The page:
-Makes corrections first (color, drawing etc.) when choosing what areas to start back into.

-“I paint like I am a millionaire (meaning use paint like cost is not a concern).”

-Color has a tendency to cool as it goes into shadow (last light) although on fleshy areas like cheeks & nose it can be warmer.

-“When painting the iris I am going to make that whole circle dark & then place the color on top. It is more pleasing that way.”

-Likes using Trekkel Brush Restorer for keeping the shape of his brushes.

-Likes to paint with the corner of larger flat brushes.

“I think in terms of time when painting, especially in front of the model. For instance I will say to myself “spend 20 mins on that eye and then 20 mins on the other eye.”

-Eyebrows–make lighter initially and then darker as it turns.

-Paints the darker circle of the pupil and then places the highlight on top.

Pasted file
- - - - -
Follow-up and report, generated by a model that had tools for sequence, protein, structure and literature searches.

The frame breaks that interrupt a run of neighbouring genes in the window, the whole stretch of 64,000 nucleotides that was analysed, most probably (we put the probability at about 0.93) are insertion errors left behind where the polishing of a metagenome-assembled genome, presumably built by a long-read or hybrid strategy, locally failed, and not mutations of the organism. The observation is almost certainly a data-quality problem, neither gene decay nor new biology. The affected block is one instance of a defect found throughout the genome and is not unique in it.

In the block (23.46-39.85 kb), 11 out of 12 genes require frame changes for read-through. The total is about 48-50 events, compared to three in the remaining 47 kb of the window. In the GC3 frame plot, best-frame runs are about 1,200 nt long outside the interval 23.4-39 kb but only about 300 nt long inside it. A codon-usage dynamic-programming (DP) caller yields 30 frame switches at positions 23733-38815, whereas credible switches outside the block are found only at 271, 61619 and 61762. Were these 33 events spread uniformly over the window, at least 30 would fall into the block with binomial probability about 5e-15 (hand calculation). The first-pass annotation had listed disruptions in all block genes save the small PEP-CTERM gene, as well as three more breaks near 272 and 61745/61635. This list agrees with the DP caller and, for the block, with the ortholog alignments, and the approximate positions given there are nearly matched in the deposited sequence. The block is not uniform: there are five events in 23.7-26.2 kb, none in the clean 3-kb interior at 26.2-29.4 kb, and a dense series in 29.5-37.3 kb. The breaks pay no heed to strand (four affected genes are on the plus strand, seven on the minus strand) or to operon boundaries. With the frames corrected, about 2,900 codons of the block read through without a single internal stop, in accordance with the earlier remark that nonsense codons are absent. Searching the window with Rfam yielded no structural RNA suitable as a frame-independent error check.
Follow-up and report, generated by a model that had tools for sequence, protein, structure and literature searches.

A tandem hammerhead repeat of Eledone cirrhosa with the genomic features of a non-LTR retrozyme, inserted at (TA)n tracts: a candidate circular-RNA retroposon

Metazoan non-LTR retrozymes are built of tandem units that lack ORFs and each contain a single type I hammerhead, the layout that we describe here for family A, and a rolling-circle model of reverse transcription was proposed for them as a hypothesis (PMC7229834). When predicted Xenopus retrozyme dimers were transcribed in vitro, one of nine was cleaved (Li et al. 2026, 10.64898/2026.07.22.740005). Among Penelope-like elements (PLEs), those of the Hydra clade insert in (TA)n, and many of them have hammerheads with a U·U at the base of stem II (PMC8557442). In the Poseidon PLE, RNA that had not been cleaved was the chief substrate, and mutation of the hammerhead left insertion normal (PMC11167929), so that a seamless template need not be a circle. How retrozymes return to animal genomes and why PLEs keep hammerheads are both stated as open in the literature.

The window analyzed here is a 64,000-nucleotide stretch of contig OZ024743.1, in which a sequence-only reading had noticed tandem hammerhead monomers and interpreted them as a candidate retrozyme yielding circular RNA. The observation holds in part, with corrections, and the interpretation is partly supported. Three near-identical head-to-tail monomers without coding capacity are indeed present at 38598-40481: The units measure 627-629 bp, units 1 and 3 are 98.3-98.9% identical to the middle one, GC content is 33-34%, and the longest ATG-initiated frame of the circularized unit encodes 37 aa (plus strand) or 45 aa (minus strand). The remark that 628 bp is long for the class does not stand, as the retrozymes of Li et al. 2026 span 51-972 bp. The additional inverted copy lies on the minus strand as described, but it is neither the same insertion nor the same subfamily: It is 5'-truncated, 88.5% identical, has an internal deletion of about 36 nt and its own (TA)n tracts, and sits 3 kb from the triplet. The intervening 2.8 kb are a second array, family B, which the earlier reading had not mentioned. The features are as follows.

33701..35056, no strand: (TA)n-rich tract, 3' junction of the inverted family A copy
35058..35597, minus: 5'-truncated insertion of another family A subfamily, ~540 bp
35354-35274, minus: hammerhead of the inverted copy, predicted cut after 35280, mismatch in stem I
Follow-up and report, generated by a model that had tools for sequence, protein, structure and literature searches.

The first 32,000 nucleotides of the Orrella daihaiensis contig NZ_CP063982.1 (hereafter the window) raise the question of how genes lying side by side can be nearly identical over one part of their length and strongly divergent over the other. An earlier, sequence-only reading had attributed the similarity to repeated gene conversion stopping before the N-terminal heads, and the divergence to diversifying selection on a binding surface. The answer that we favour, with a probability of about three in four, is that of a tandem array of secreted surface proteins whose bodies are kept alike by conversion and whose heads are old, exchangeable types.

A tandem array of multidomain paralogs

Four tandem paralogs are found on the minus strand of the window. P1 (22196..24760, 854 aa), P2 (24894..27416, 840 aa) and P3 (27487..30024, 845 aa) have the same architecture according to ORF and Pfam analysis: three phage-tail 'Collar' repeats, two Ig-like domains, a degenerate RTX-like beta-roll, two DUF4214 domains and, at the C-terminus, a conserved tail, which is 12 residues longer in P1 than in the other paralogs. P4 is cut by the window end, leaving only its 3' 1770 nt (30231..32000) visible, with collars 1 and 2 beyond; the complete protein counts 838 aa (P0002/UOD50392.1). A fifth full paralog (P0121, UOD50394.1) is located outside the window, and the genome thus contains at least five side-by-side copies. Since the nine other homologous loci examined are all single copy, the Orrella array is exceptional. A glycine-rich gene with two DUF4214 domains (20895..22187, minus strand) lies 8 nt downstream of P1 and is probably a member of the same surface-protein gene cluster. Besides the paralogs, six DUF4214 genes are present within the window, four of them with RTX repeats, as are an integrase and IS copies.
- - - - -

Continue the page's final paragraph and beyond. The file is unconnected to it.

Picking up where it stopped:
-Don’t paint a hard edge around the pupil.

-Load up the brush and add the lead white highlight to the eye, but be careful & delicate when placing! For this application he uses a Rosemary 279 flat 0 though he would have preferred a 2 or 3.

-In general key the nostrils lighter.

-“Refinement of value is all you need to turn the form on the nose.”

-“It is important to work in value strings so that you can go up and down in value as needed.” Incidentally, his value strings are not grouped by color so different colors merge together according to value to create his value strings.

-“Value is more important than color. If the color is close that’s good but what is important is the value.”

-He built his eye (with this particular model) using the value of the neck shadow and then simply adds more strokes of value on top, either lighter or darker, to build form as needed.


-Lays in a middle value then will paint the darks & lights over that. Using a #6 brush or bigger. #10 for laying in the initial color. Used a palette knife on the shoulder to scrape back a little.

“Squint and paint the passages of light over the hair. Paint hair in one session because it will change.”